Journal club is a rite of passage for nearly everyone who works in an academic laboratory. What might sound like an exclusive group of readers and authors united by a secret handshake is actually a regular meeting of scientists – faculty members and young trainees alike – who gather to discuss a highlighted paper in their field of expertise.
Some of these gatherings might involve a handful of people from the same lab; others might include a larger group from the same institutional department or division. Typically, one person presents a paper, sharing all the relevant details about a study’s methodology and conclusions. Afterward, everyone has the chance to pose questions, make comments and thoroughly discuss conclusions.
“It’s an excellent academic opportunity in terms of teaching and training of early career scientists and clinicians, and it remains useful no matter what stage you are in your career,” says Michael Hsieh, M.D., Ph.D., a urologist who directs the Clinic for Adolescent and Adult PedIatric OnseT UroLogy (CAPITUL) at Children’s National Health System who has participated in a heavy share of journal club meetings over the years.
But, what if journal club didn’t have to adhere to this traditional format? What if this academic discussion could move to a venue more fitting for the 21st century, more inclusive of scientists in different geographic locations, with varying viewpoints and expertise?
That’s what Dr. Hsieh and others are trying to accomplish with a new pediatric urology-focused journal club on Twitter. When Christopher Bayne, a second-year fellow training in pediatric urology at Children’s National under Dr. Hsieh’s mentorship, approached him with the idea, Dr. Hsieh said that he jumped at the chance.
Traditional journal clubs, the two explain, can be hindered by several factors. One is a tendency toward “group think,” Dr. Hsieh says – members of the same lab, or even the same institution, tend to have the same training and practices, so they’re less likely to feel comfortable introducing new ideas about these areas into the discussion. Journal club discussions also are limited by uncertainties about what a study author might have had in mind with their methodology and conclusions. Study authors are rarely included in the discussion, Dr. Hsieh adds.
Twitter, Bayne says, offers an easy way around these barriers. Rather than including just members of the same lab, their Pediatric Urology Journal Club (PUJC) can accommodate any registered Twitter user in their discussions. That means that any interested person around the world – researchers, clinician-scientists, other health care providers, as well as patients and their families, for example – can participate in the monthly discussions.
Participation also isn’t dictated by geography. During recent PUJC meetings, individuals joined the thread from Brazil, Ireland and Turkey. The meetings, sponsored by the Journal of Pediatric Urology, take place in the first days to weeks after the selected paper has been available under “open access,” giving anyone a chance to read it – even if they lack a journal subscription. This format enables all participants to join threads, erasing the restrictions of geography or busy clinical and research schedules.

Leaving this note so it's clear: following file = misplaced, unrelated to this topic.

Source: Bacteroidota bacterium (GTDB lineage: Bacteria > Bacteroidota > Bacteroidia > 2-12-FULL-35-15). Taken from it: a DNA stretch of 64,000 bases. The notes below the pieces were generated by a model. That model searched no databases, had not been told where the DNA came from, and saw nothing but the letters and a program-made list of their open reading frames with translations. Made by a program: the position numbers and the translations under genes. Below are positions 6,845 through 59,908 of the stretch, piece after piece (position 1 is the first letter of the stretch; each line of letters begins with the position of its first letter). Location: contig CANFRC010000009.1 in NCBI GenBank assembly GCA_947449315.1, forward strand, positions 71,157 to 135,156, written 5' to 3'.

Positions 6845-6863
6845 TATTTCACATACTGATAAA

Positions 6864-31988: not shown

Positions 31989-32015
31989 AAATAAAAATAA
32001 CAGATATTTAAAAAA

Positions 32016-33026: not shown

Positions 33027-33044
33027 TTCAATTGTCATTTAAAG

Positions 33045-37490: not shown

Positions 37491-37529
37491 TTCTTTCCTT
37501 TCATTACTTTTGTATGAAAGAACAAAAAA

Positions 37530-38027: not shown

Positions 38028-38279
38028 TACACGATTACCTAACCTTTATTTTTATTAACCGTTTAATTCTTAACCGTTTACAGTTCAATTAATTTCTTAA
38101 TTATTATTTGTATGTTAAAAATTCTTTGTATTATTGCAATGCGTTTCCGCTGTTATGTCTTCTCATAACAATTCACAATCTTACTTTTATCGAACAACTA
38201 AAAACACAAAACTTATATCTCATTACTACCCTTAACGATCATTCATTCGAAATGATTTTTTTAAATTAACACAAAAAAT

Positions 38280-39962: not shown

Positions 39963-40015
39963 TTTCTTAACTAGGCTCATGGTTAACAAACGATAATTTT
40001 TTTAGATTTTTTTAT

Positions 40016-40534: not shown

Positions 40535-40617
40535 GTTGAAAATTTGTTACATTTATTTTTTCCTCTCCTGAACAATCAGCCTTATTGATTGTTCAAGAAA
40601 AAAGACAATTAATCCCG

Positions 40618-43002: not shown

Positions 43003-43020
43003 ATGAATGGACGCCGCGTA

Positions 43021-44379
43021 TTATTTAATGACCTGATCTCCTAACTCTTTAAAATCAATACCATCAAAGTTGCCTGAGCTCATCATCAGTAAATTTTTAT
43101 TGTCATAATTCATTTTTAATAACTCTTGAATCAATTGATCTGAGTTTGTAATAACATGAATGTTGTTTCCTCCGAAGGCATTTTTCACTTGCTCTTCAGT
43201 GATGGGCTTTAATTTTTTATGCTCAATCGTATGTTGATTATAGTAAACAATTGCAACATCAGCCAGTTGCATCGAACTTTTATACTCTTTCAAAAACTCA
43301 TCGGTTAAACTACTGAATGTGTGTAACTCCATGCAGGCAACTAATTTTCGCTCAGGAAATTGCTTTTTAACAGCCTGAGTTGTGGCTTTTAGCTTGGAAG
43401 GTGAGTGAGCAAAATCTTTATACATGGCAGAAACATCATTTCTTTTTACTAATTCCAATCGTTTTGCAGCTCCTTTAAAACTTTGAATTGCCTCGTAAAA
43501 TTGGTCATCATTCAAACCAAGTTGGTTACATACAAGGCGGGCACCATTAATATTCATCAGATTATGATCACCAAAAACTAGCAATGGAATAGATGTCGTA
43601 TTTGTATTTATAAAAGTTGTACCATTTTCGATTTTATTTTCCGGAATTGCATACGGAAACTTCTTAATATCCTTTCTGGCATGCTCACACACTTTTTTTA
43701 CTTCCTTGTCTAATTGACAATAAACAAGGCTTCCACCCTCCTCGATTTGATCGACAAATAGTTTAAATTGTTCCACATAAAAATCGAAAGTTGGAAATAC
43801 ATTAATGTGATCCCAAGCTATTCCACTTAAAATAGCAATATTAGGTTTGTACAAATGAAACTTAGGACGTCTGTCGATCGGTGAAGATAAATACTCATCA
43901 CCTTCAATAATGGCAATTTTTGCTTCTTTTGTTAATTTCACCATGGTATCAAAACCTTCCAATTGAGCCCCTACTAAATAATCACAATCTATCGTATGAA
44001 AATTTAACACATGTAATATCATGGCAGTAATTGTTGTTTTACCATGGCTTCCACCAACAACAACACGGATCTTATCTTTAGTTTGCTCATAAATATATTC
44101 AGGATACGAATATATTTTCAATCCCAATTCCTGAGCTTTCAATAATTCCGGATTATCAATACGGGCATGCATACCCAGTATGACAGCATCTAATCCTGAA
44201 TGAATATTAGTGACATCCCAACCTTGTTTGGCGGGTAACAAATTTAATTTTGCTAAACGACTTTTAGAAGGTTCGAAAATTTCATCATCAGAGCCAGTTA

Thus far, the meetings have included papers on:
- A comparison of the cost and complications of performing a surgery either robotically or through an open procedure to fix the tubes that connect the kidneys to the bladder in patients with a condition known as vesicouretal reflux, in which urine flows in the wrong direction.
- The pros and cons of treating varicoceles, enlarged veins inside the scrotum that potentially cause fertility problems. The condition is asymptomatic in adolescents.
- The importance of the diameter of the ureter, the part of the tube closest to the outside of the body that carries urine to be expelled, for resolving vesicouretal reflux, an abnormal flow of urine.
This new platform has attracted a core group of relatively young and young-at-heart devotees, Bayne says. He and other organizers have included study authors in every meeting thus far, often guiding older and Twitter-naive scientists through the process of creating an account.
And the typical 140-character limit Twitter imposes on comments known as tweets? “It might be counterintuitive,” Bayne says, “but I see the character limit as one of this journal club’s biggest strengths.” This cutoff encourages discussion members to distill their thoughts, often including two or three distinct points, into concise and deeply meaningful statements. “Participants have really latched on to the efficiency of this approach to learning about a topic and having a lively discussion.”
Thus far, their approach has been increasing in popularity. Their very first PUJC meeting in February 2017 attracted a modest number of just 24 active participants who sent 310 tweets, but generated nearly 136,000 impressions, or views.
The researchers plan to continue the monthly PUJC meetings through the Twitter handle @pedurojc. You can follow updates from Dr. Hsieh on his handle: @perforin and updates from Bayne’s on his: @chrbayne.